ANKARA (Reuters) – The installation of Russian S-400 surface-to-air missile systems in Turkey will begin in October 2019, state-owned Anadolu news agency on Thursday quoted Turkish Defence Minister Hulusi Akar as saying.
Turkey’s purchase of the S-400 systems, which are not compatible with NATO defences, has unnerved the United States and NATO member countries, which are already wary of Russia’s presence in the Middle East.
Akar told Anadolu that selected personnel would be sent to Russia to receive training and return to work in Turkey, according to Hurriyet. It was not clear where he was speaking.
The United States has warned Turkey that going through with the purchase of S-400s could result in Washington imposing sanctions and halting other existing procurements, but Ankara has pressed on with the deal.
Turkey has said that its Western allies, namely the United States, have failed to cooperate with it in its efforts to boost its defence capabilities, and that Ankara has had to look outside of the NATO to meet its needs.
While pursuing S-400 project, President Tayyip Erdogan has said Turkey’s ties with NATO remain strong, and Ankara has sought to secure defence deals with other countries as well.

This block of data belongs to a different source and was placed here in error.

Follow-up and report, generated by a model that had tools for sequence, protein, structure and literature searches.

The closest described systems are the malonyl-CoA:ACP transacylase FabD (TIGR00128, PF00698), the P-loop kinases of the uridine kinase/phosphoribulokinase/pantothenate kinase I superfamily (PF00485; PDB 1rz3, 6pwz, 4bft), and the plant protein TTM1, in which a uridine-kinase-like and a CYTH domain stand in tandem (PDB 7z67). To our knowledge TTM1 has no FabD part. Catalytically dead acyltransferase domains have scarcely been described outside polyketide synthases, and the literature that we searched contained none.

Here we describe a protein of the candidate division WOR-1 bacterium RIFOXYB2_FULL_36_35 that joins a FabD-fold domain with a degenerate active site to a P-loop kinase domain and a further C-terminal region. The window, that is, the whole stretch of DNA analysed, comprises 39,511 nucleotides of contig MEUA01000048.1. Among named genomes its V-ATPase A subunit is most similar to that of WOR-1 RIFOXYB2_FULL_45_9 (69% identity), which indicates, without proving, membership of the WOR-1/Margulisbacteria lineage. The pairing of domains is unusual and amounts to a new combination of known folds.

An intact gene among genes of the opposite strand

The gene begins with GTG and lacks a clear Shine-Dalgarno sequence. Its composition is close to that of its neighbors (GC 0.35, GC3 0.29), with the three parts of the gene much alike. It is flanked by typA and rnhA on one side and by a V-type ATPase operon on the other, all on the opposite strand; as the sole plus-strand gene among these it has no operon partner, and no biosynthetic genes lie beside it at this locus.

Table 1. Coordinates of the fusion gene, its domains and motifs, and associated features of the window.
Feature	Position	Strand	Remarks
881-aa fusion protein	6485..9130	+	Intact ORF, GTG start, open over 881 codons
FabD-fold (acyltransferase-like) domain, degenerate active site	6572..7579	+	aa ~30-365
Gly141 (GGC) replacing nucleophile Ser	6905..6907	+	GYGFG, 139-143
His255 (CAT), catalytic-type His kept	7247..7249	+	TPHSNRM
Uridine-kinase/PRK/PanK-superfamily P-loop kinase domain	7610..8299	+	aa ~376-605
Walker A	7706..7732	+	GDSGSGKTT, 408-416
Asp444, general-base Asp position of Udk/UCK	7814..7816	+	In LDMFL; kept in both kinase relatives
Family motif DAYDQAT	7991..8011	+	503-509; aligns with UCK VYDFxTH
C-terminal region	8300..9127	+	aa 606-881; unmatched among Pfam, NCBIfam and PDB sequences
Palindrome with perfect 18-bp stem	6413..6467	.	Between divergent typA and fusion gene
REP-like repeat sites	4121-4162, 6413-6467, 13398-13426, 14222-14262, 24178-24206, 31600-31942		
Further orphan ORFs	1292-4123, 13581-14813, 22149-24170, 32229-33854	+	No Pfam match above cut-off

Last year, Turkey signed a letter of intent with France and Italy to strengthen cooperation on joint defence projects. As a first step, the Franco-Italian EUROSAM consortium and Turkish companies will look into a system based on the SAMP-T missile systems.
Turkey is also buying Lockheed Martin F-35 Joint Strike Fighter jets from the United States, but United States has warned that their purchase could be jeopardised if it does not drop the S-400 purchase plan.
“There were some issues stemming from the S-400s, political and judicial developments, but the political and military conditions we have now do not cause concerns,” Akar told Anadolu.
Akar said the F-35 programme was continuing as planned, with the third and fourth jets to be delivered in March next year.
Erdogan has previously said that Turkey would continue to pay its instalments to procure the jets, but that it would look elsewhere if Washington decided to halt the delivery.
Turkey and the United States have also held talks on the possible sale of a Raytheon Co Patriot missile defence systems as an alternative to the S-400 systems.
(Reporting by Tuvan Gumrukcu; Editing by Daren Butler and Mark Heinrich)